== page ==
Somewhere, I must have taken a wrong turn in my life. Three years ago, I was a serious scientist, doing research no-one understood, and writing papers no-one read. Now I find myself making videos about cream cakes.
It all started to go amiss when I got mixed up with a crowd with crazy ideas about engaging people on science. First it was the small stuff—being interviewed by ten-year-olds about nanotechnology. Before I knew it I was writing letters to fictional characters about nanotechnology policy (I’m still waiting for an answer from Arthur Weasley by the way…). But this week I hit rock bottom: a video extolling the educational potential of an American artificial cream-stuffed sponge cake—the Twinkie!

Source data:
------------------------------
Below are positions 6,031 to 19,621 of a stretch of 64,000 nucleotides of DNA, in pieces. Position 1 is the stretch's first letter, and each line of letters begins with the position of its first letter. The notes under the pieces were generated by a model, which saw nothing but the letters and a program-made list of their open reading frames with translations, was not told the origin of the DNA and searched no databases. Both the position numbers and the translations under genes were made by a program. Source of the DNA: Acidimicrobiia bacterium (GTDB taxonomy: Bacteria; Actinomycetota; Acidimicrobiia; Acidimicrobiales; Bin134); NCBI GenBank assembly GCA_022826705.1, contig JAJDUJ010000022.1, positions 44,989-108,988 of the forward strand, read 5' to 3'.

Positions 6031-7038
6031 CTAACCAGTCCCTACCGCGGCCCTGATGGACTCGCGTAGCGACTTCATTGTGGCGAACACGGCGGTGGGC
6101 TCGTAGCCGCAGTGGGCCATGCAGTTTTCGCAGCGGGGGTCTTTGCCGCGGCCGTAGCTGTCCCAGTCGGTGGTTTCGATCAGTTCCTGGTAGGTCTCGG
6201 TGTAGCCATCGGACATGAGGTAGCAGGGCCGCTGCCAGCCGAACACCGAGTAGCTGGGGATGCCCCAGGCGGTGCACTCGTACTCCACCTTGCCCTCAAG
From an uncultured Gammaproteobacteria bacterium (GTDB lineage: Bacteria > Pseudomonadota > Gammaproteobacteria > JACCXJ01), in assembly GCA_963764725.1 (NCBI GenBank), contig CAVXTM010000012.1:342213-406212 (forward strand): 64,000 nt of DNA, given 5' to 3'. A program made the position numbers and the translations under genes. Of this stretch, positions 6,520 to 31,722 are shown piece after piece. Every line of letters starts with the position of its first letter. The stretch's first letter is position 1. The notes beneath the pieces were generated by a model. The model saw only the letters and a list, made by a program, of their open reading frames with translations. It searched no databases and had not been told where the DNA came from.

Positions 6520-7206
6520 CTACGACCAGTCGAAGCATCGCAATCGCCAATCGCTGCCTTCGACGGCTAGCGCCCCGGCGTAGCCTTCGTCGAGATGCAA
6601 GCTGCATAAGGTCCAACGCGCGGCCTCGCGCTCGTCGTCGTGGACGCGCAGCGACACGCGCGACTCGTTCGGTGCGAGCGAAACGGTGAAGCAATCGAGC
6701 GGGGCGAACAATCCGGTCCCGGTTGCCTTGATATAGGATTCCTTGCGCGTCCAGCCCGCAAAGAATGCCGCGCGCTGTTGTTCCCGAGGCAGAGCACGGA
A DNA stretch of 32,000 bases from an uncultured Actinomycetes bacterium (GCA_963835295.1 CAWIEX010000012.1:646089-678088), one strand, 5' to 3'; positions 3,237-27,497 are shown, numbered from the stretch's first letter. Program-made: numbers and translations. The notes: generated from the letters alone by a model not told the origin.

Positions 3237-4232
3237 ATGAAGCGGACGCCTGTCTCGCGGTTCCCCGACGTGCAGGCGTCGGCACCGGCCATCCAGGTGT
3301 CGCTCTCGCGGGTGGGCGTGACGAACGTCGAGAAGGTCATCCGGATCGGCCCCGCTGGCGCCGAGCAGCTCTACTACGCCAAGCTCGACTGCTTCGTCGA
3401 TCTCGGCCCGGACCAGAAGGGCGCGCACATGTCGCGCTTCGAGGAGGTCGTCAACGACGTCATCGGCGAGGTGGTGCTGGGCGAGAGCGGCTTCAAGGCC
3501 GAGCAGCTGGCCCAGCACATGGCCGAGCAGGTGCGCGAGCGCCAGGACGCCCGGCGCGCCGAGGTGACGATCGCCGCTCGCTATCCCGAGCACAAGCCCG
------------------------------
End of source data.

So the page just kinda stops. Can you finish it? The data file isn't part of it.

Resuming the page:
Forget about the fact that convenience foods are a perfect analogy for engineered nanomaterials—where the whole is more than the sum of the “ingredients”. Don’t be swayed by the idea that nanotechnology—like cakes—can be pretty good. Ignore the obvious parallels between over-indulging on the sweet stuff, and overdosing on nanomaterials. And discount the lessons on the challenges of trying to sell something that looks dodgy—whether it’s a new technology or a badly mangled food-product. Making the secrets of nanotechnology accessible to all and sundry is surely the first step on a slippery slope toward people making informed decisions for themselves—and where would we be then!
But I still have my standards—throw my hard-earned scientific expertise before policy-makers? Never!
Footnote: Well I guess that once you’ve started a habit of trying to support science-based decision-making, it’s hard to kick. Despite my declaration above, I will in fact be testifying before the U.S. House Science Committee this week on nanotechnology risk-focused research and development. And no, I won’t be talking about Twinkies 🙂